Will Middlebrooks has set the world on firewith his early performance for theBoston Red Sox, and a number of baseball pundits, like CBS’ Jon Heyman, believe he should retain the starting job at third base when Kevin Youkilis returns. Youkilis became eligible to come off the DL yesterday, May 14, but he is still not fully recovered from the back injury that landed him there. When he does return, the team will need to send someone to the minors and there are few players that still have options left and would not be exposed to waivers. There should be no question about who gets sent down, however, because as amazing as Will Middlebrooks has been he still has plenty of development left and that will be best accomplished in AAA.
Will Middlebrooks’ batting line is, quite simply, phenomenal. He is hitting .304/.347/.674 for a wRC+ of 178. He has four home runs in just 49 plate appearances and that has given him a gaudy 13 RBIs. However, he is not going to sustain anywhere near that level of production. Currently, he has a HR/FB ratio of 36.4%, which is 10% higher than any player with enough at bats to qualify for the batting title thus far. If sustained for a full season, it would be the second highest ratio in the past ten years, behind only Ryan Howard’s 2006 season, when he hit 58 home runs. Unless the Red sox really believe that Will Middlebrooks is, at 23 years old, with just 11 games experience, ready to become the greatest home run hitter in baseball today, they should let him improve the rest of his game in Pawtucket.
Beyond his power hitting, Will Middlebrooks bat needs work. He is striking out in 26.5% of his plate appearances in the Majors so far. That is a difficult rate to sustain even for a power hitter, but when your walk rate is just 6.1% it becomes almost impossible. There have been 24 instances of qualified players with strike out rates over 26% since 2001 and not a single one has a walk rate as low as Middlebrooks. Even looking at players with just 250 plate appearances in a season, there are only six instances of players who had strikeout rates over 26% and walk rates under 7% and still managed to be better than average hitters. Four of those instances belong to Wily Mo Pena, who is currently playing in Japan. Middlebrooks is still young and while he will never walk much, he should learn to strike out less and be a productive, though free swinging hitter. Right now, however, his offensive upside is comparably to Wily Mo Pena. Wily.Mo.Pena.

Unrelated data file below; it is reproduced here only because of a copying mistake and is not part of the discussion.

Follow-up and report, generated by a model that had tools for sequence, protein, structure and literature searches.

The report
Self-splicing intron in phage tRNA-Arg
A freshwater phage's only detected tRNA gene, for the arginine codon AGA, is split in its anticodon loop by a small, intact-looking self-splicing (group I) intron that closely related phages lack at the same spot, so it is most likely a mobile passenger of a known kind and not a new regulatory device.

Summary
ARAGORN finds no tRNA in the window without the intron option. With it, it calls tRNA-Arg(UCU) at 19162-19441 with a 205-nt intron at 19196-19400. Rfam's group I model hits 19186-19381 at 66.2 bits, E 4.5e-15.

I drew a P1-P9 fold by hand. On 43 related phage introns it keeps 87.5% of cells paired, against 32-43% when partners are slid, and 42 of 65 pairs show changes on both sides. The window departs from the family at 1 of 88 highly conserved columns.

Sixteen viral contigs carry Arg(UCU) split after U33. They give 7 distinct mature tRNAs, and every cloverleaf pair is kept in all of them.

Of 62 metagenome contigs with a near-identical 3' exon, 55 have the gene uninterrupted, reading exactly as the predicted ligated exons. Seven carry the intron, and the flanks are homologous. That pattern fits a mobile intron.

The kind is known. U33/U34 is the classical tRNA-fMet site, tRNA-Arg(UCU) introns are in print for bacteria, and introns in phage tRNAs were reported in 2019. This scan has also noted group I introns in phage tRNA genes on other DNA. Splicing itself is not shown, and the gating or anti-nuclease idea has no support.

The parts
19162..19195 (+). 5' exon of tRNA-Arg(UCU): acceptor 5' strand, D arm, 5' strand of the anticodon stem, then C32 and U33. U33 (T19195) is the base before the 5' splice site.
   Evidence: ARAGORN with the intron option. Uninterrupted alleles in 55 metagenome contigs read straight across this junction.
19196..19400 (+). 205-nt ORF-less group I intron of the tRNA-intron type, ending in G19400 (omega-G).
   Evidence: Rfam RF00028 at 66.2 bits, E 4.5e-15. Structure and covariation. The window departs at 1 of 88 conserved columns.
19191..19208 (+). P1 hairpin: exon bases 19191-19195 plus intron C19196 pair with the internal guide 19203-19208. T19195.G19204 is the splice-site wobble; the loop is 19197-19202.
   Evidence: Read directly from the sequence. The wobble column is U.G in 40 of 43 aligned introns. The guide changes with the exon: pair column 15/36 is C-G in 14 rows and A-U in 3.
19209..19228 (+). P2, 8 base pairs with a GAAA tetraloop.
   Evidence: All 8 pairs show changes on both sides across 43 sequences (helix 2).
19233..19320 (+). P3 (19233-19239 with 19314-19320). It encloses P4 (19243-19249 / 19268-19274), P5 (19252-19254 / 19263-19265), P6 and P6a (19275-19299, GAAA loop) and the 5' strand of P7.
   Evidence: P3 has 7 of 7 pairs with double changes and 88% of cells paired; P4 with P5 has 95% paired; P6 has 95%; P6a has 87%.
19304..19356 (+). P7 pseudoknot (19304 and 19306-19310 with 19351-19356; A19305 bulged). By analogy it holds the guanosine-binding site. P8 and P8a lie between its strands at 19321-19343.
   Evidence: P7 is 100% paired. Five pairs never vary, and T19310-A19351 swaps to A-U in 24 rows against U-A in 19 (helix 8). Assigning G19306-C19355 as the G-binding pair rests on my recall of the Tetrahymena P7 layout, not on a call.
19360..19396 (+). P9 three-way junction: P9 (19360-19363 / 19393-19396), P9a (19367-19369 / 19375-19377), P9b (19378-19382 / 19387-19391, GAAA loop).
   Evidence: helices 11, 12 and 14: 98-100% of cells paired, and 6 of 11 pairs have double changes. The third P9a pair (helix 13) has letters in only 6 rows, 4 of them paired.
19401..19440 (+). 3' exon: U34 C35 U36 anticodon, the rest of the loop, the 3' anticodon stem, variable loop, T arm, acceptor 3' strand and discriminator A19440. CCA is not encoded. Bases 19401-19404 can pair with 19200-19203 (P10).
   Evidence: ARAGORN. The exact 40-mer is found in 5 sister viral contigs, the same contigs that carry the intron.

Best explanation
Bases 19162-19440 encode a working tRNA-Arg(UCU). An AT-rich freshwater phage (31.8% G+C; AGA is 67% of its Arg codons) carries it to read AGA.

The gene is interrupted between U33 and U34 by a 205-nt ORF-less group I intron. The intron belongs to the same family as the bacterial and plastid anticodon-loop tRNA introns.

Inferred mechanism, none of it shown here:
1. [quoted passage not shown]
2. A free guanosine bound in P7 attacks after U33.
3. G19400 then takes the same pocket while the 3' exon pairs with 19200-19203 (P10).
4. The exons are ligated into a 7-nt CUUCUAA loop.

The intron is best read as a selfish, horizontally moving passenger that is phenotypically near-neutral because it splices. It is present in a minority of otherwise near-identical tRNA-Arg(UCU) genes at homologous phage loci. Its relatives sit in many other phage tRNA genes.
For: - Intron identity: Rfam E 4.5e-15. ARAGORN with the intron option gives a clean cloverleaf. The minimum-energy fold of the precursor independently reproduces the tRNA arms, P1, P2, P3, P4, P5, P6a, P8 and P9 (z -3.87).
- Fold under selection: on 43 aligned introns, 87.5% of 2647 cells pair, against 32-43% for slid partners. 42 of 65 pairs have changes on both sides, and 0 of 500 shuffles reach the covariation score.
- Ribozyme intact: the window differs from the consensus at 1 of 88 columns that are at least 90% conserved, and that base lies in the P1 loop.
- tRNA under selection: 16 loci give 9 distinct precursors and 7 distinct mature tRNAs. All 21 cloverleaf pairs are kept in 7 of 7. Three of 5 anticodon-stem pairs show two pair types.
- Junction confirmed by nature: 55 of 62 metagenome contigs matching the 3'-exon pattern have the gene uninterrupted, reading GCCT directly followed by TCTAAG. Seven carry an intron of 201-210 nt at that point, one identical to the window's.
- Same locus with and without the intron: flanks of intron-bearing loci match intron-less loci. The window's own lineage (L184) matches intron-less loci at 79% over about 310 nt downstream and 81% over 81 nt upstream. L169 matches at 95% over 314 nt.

That is just considering Middlebrooks development apart from the fact that Kevin Youkilis is the player replacing him. Following a down year frought with injuries in 2011 and returning from the DL this year, Youkilis is still projected (Zips) to have a .361 wOBA from here on, which should make him at least 20% better than league average at the plate. Middlebrooks is projected to have just a .309 wOBA, below league average. The difference between Youkilis and Middlebrooks would be close to 50 runs over the remainder of the season. Even if you believe Youkilis is one of the worst third basemen in baseball and Middlebrooks is Brooks Robinson at the hot corner that is probably too big a gap for defense to make up.
There is also the issue of Kevin Youkilis’ trade value. If Youkilis can prove that he is still an above average hitter, he could be the Red Sox most valuable trading chip this summer. The Milwaukee Brewers have lost their starting first baseman and could interested in Youkilis. The Los Angeles Dodgers and the New York Mets are both surprisingly in contention more than a month into the season and their first basemen have been struggling terribly thus far. Returning Youkilis to first base is not an option in Boston with Adrian Gonzalez there and David Ortiz at DH, so the Red Sox need to play him regularly at third if they want to create an opportunity to address one of their many flaws via the trade market.
It is hard to see a promising young player like Middlebrooks come up and succeed only to be sent down, but it is the best thing for him and for the Boston Red Sox. His call up has hopefully given him confidence that he can succeed at the highest level and playing everyday at AAA will help him sort out the holes in his game. If he continues to be too good to ignore in Pawtucket, the team has an enviable problem on their hands and they should be able to solve it with a trade that also improves their pitching. Not sending him down would make the roster less flexible, set Middlebrooks up to fail and depress the value of their most tradable player. As appealing as it may seem, it isn’t the right now and the Red Sox know it.